Other records of living and sub-Recent Pseudolimnocythere

Pseudolimnocythere sp. (fig. 8U in Peterson et al. 2013)

Frasassi cave complex (Marche, Italy), inner lakes of the Grotta del Fiume (cadastre number 8 Ma), in the remains of the subfossil eels at Lago delle Anguille; outside the cave, sulfidic springs on the bank of Sentino River (Fig. 9C). More than one thousand subfossil carapaces and valves recovered from various sites in the cave, possibly dating back 7,200 years (Mariani et al. 2007). Previously reported as Pseudolimnocythere cf. P. hypogaea by Peterson et al. (2009).

Pseudolimnocythere hypogaea Klie 1938

Slightly brackish groundwater habitats in Apulia, Italy, were cited as ‘type localities’ by Klie (1938): wells near Bari (Fig. 9E) and in two caves, L’Abisso (cadastre number 141 Pu, Castro Marina, Lecce) and Cunicolo dei Diavoli (101 Pu, Porto Badisco, Lecce), these latter located c. 10 km apart (Fig. 9F). Later found again (reported as P. hypogea) in L’Abisso cave, and in a well on the road Foggia-Manfredonia, Apulia (site PU56) (Fig. 9G) by Karanovic and Pesce (2001), who also gave a redescription of this species. L’Abisso cave is located a few dozen metres from the sea and its water is brackish, the salinity varying in relation to the seasonal mixing of seawater and groundwater (Inguscio et al. 2009). PU56 is defined as a “freshwater well” located on the Gargano promontory at about 10 km from the coast, but actually this area is characterised by a karst aquifer with brackish waters (FS, pers. obs.). Finally, the cave named Cunicolo dei Diavoli opens at the seashore, it is flooded by brackish as well as marine waters (being influenced by the effect of the tides). Karanovic and Pesce (2001, pages 22 and 23) remarked some differences in valve size and chaetotaxy with respects to the description of P. hypogaea by Klie (1938). Since in both cases the descriptions were made on material collected from different localities, the existence of different species, albeit strongly related to each other, cannot be excluded. Differences in valve size and outline between specimens illustrated by Klie (1938) and Karanovic and Pesce (2001) can be observed in Fig. 7C, D.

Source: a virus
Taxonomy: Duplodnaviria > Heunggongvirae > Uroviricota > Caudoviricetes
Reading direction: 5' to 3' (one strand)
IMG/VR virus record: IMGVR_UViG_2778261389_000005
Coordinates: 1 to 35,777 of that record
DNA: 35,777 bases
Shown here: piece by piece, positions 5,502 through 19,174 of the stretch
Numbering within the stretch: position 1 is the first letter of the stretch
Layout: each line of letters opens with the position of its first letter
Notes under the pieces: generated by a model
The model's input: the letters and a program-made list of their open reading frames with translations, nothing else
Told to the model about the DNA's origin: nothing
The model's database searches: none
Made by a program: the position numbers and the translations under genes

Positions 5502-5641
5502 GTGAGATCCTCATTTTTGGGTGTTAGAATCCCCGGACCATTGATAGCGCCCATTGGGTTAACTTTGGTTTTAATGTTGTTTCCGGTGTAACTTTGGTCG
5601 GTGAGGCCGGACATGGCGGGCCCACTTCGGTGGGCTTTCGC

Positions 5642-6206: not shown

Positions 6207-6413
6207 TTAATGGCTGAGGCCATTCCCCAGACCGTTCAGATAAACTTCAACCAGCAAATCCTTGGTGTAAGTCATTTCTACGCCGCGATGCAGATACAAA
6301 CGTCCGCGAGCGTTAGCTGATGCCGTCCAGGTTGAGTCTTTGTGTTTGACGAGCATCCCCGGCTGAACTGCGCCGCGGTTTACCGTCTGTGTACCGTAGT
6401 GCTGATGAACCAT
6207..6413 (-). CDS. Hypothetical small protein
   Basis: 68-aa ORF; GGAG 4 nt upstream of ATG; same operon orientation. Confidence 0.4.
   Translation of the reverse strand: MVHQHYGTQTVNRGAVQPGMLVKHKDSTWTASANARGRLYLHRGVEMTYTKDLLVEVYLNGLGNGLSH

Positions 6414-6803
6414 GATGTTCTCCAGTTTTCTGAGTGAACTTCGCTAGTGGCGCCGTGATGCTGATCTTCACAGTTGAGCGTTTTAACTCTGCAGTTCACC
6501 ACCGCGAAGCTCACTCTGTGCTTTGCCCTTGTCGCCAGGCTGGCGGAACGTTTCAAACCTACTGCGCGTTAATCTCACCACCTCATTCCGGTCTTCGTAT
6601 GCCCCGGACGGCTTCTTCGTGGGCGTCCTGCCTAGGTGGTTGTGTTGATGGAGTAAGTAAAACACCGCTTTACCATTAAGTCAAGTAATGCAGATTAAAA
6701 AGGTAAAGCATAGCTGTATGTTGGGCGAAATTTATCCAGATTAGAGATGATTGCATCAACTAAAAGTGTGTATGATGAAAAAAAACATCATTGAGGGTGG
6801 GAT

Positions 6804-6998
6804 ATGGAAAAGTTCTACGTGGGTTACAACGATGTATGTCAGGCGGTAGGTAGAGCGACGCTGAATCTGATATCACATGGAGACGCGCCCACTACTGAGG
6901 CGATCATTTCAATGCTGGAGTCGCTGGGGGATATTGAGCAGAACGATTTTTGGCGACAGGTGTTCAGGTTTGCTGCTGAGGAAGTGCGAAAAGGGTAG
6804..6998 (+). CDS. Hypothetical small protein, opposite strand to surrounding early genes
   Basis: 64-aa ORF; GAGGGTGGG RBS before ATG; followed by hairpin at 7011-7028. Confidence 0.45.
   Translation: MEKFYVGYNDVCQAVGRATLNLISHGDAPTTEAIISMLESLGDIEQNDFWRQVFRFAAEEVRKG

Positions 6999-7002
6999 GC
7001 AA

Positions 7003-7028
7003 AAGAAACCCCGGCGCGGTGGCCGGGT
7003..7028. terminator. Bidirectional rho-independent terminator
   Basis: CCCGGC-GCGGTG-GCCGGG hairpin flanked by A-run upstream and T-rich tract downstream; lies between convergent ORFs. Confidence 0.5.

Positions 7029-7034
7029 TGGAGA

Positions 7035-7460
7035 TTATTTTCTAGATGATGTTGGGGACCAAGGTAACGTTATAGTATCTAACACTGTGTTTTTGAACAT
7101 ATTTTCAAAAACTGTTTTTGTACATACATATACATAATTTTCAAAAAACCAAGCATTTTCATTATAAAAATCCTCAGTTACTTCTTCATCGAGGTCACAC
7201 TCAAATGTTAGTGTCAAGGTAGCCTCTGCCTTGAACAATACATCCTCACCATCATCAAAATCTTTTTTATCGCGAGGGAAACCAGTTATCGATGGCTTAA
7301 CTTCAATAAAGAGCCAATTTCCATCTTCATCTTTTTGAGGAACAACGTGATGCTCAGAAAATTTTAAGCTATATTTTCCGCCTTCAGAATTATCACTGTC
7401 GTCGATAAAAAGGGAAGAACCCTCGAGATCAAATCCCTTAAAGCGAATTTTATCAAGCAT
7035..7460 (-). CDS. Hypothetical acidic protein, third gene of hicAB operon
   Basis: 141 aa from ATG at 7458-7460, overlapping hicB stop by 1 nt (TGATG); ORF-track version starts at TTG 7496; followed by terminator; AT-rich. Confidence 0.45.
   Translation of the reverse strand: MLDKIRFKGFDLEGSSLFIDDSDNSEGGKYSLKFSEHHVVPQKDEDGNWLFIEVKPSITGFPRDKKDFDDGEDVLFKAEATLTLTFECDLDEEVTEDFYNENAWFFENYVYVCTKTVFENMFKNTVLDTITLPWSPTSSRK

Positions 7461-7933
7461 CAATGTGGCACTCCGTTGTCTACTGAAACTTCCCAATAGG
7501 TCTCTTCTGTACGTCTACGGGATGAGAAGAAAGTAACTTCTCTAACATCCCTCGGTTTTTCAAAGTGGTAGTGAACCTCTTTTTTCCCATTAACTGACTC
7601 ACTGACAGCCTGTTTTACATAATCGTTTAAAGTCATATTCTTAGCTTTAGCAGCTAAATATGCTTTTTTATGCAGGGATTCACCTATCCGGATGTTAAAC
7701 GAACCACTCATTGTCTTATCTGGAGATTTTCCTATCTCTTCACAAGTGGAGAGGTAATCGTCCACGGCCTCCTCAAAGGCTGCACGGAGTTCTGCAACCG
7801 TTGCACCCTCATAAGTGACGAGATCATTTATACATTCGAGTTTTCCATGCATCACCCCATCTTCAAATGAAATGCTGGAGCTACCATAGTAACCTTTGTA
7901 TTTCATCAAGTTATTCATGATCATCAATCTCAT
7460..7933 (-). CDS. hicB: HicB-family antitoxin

Figure 8. 

Superimposition of valve outlines of Recent and fossil species of Pseudolimnocythere in normalized area mode A “curved” valves: P. hainburgensis (from Danielopol et al. 1991 and Gross and Piller 2006) B “slightly inclined” valves: P. sofiae sp. nov., P. hypogaea (from Klie 1938), P. hartmanni (from Danielopol 1979) C “sloping” valves: P. abdita sp. nov., P. sp. (from Peterson et al. 2013), P. sp. (from Montanari et al. 2021), P. sp. sensu Schornikov, 2013 (from Schornikov et al. 2014); P. sp. (from Danielopol 1980).

Pseudolimnocythere sp. (Danielopol and Bonaduce 1990, not figured)

Interstitial of a temporary stream, beach in front of La Baillaury (site Ba-2), Bay of Banyuls, France (Fig. 9A). The salinity of the interstitial waters varies according to the stream flow (14‰ in May 1984). A single adult male, not figured.

Pseudolimnocythere sp. (fig. 7G in Danielopol 1980)

Cave Skuljica, Krk Island, Croatia (Fig. 9H). Only carapaces and valves, no living specimens.

Figure 9.